Colon and rectal cancer is the second leading cause of cancer death in the United States. As people age, the death rates of colon cancer increase. Genetics, inflammatory bowel conditions and poor diet also play a role in increasing colon cancer risk.
Symptoms of Colon Cancer
Many people with colon cancer experience no symptoms during the early stages of the disease, but when symptoms do appear, they may include:
- A change in bowel habits that lasts longer than 4 weeks. (Diarrhea or constipation.)
- Rectal bleeding.
- Weakness, fatigue and unexpected weight loss.
- Persistent abdominal pain and discomfort.
Colorectal Cancer Detection
The most important tool for early detection of colon cancer is a colonoscopy. In those with average risk of colon cancer, screenings will begin at age 50, but for high-risk groups, consider being screened around age 45.
During this procedure, the doctor will examine your colon and rectum using a a long, flexible tube with a camera attached to it. If any abnormal areas are found, the doctor will be able to take a sample for testing. If no abnormal areas are found, a colonoscopy will not have to be performed for ten years. If there were polyps or any concerning areas, it may be performed more often.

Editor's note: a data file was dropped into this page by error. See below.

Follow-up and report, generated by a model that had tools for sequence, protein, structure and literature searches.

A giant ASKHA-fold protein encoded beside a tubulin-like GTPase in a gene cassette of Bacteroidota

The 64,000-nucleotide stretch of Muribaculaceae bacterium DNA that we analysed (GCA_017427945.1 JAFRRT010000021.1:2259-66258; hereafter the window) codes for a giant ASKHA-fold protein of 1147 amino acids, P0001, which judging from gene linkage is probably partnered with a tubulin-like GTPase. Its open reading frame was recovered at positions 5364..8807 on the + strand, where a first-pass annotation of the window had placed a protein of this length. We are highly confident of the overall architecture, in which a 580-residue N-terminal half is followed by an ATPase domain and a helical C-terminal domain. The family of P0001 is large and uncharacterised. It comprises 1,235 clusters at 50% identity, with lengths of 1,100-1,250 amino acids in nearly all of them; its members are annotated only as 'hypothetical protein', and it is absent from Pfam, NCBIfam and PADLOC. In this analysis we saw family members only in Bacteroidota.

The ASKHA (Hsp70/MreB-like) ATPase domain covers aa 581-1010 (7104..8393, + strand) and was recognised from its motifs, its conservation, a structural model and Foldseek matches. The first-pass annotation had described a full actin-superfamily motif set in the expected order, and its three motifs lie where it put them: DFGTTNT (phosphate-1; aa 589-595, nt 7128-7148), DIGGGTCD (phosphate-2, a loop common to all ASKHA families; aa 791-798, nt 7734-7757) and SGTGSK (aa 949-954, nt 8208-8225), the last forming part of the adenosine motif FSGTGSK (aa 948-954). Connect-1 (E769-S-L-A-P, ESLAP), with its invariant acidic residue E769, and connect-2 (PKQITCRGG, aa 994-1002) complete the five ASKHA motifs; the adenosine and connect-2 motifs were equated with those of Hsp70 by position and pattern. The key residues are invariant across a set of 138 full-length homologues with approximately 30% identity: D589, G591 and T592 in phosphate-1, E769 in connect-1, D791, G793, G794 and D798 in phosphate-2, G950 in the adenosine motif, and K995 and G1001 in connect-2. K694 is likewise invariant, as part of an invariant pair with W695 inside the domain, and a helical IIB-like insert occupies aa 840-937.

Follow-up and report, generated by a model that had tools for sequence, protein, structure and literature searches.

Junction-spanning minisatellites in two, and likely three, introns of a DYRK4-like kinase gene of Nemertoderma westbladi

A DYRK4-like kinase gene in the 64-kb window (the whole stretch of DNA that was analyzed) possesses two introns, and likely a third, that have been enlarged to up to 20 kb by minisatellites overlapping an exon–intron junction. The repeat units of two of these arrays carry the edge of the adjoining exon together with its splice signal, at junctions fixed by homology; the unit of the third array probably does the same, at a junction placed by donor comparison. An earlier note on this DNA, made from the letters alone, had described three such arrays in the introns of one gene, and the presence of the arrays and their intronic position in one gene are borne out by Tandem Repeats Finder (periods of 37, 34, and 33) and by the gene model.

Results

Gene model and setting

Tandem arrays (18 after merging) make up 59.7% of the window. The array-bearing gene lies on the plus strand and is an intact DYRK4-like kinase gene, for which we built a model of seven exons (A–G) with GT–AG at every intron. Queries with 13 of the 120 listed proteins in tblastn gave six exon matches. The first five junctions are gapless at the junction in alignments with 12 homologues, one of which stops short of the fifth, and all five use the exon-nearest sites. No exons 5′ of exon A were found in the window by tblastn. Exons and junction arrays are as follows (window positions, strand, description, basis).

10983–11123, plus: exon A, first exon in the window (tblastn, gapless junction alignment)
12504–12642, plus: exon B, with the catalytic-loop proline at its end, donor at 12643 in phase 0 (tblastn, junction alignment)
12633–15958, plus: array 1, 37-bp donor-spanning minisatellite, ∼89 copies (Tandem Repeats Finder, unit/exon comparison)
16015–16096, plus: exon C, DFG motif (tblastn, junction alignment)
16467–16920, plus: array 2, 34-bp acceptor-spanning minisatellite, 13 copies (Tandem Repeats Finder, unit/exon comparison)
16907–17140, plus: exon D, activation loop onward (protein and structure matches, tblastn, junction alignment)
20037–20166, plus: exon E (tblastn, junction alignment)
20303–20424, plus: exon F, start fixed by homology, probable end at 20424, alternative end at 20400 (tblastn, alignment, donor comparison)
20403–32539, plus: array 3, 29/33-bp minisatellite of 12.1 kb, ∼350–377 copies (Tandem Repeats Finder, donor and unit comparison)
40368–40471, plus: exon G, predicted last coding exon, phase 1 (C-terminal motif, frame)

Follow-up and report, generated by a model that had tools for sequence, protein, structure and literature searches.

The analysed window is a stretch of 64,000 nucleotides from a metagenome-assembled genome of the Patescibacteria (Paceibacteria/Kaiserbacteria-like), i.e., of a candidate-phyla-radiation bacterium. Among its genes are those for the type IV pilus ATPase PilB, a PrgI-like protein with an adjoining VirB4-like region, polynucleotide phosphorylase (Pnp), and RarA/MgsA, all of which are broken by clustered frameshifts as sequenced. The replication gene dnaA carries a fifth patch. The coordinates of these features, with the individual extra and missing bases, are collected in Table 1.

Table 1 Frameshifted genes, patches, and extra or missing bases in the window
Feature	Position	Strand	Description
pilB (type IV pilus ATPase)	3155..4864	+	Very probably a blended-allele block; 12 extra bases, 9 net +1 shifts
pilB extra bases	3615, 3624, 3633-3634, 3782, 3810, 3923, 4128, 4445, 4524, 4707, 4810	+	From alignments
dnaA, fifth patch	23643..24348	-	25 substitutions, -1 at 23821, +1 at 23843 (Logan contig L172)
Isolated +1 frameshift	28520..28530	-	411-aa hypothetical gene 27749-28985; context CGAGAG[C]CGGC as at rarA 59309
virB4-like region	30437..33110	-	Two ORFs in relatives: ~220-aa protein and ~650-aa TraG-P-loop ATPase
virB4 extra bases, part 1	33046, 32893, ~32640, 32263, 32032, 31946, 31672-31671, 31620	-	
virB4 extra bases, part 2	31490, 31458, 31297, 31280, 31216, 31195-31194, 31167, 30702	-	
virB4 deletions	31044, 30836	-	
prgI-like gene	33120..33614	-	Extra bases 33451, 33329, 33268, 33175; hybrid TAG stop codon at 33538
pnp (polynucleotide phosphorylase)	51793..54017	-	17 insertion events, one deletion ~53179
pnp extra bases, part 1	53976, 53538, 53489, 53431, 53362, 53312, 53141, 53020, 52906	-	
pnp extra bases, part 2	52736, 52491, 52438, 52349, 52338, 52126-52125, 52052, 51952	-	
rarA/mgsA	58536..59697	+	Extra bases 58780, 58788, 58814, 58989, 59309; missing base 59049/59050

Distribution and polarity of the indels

Approximately one in seven men will be diagnosed with prostate cancer in their lifetime. According to the most recent statistics, over 176,000 American men are diagnosed with prostate cancer each year and nearly 28,000 of them die from the disease.
Causes of prostate cancer are unclear, but your family history, age, race and diet can increase your risk.
Prostate Cancer Symptoms
There are no early warning signs of prostate cancer. Typically, symptoms of prostate cancer are only observed in later stages of the cancer’s growth. The most common symptoms include:
- Frequent urination, especially at night.
- Difficulty beginning or stopping urination.
- Weak flow of urine.
- Blood in urine or semen.
- Pain or stiffness in lower back, hips and thighs.
Prostate Cancer Detection
Because there are no signs or symptoms of prostate cancer in its early stages, regular screenings are vital. Mostly done as part of a routine check-up after age 50, a digital rectal exam is the simplest and most effective way for a prostate check. The doctor will be able to feel for bumps or abnormalities on the prostate.
For more information on cancer prevention and treatment options, contact Texas Health Presbyterian Hospital Flower Mound today!